10. mel says:

    I actually googled "I am more than what I look like", which is how I found your article.

    I am so so sick of people (especially other women) seeing the way I look on the outside and not actually getting to know me. If I became horribly disfigured tomorrow, I would still be me. I think the world would be better if we actually cared about developing who we are individually and getting to know each other as individual people, instead of focusing on things that don't last and frankly don't matter. Looks fade over time and once thats gone all we will have is who we've become.

    I think honoring and enjoying beauty is good. I also believe that beauty comes from many different places and the most important thing is to be beautiful inside, to develop yourself (find your likes, talents, passions in life), to love yourself (be confident in who you are, not what you look like) and to love those around you for the people that they are.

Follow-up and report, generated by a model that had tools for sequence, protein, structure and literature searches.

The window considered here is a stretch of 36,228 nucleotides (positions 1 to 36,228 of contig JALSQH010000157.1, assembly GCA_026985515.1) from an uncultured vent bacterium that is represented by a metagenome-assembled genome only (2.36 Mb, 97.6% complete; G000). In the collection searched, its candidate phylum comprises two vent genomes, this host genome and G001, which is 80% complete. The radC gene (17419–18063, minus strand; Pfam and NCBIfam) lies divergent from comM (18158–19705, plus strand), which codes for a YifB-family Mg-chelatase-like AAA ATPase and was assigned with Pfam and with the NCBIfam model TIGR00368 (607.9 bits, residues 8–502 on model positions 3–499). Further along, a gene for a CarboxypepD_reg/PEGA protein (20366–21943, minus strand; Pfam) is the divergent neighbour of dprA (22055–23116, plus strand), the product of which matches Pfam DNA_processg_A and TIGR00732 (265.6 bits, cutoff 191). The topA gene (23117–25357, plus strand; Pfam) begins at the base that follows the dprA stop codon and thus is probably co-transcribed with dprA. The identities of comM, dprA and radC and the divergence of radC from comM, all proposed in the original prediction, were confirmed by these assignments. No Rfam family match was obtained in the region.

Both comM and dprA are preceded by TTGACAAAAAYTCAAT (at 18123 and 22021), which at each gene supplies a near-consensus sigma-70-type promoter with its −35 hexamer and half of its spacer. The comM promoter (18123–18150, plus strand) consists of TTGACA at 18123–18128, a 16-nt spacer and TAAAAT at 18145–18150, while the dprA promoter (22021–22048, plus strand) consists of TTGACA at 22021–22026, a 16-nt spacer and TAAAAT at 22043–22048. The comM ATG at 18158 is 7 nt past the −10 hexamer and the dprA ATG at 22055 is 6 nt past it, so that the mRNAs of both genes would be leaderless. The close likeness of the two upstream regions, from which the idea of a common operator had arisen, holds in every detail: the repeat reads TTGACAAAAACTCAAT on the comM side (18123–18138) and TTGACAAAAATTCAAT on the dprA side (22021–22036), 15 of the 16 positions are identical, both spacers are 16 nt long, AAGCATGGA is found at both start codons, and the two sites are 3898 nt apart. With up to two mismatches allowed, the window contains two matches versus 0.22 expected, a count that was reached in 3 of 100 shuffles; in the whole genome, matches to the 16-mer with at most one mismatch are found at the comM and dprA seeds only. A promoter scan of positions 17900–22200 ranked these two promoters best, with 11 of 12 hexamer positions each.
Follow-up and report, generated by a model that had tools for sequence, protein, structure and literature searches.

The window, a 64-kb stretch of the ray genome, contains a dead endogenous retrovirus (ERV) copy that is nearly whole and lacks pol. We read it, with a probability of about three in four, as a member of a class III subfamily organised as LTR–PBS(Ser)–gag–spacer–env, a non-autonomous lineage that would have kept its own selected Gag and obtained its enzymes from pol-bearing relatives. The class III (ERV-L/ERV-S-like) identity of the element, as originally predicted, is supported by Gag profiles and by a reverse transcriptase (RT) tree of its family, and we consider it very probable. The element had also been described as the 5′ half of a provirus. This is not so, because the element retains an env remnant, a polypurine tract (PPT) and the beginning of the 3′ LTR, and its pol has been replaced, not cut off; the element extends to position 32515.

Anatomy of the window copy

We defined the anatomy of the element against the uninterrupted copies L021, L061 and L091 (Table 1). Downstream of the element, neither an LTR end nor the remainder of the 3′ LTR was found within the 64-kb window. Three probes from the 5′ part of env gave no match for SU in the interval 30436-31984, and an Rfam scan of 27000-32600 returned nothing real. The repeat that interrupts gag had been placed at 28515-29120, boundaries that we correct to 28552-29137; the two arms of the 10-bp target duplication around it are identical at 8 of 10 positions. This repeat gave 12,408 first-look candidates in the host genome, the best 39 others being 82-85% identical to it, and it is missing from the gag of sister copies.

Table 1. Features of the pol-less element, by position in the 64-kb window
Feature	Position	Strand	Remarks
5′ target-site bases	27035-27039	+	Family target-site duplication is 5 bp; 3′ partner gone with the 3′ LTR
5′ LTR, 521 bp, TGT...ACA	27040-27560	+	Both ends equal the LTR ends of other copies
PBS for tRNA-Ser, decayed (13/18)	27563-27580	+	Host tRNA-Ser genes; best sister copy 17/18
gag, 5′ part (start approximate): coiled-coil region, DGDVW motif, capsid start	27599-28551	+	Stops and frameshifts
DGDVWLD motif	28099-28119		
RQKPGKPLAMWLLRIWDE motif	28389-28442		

Thanks for your article, I really feel you on this!

    • amen sister!!! It really is a tragedy both directions. You know the "mean" girls in school that dissed the "unattractive" ones and the geeks that hated the pretty people…it goes both ways and we all need to start looking past to the truly deeper meaning!

      thank you for you passionate and insightful comment.

      • missbernklau says:

        Thanks for your blog! Also I clicked on it for the title, not the picture, the title was inciting enough hehe. I agree, it's coming on both ends, women hating other women for being pretty, chastising other women for not being pretty "enough", telling fat women to "get on a treadmil" and in the same breath telling thin women to "go eat a sandwich". It's sad but I really think women do a lot of the damage to themselves and each other, and of course the media and endless subtle cues that tell us we ought to spend more time worrying about stretch marks and lip hair and all this shit that doesn't even matter, are not helping the cause. I'm just not sure what can be done to stop the madness. But the VERY first thing women can do is stop hating each other and start having compassion for the struggle we ALL go through (men too): accepting ourselves.

  11. […] clearly liquor companies are always going to use sex to sell, but what does it say about who has the buying power if now instead of a girl in a skimpy bikini, […]

  12. Sharon Saw says: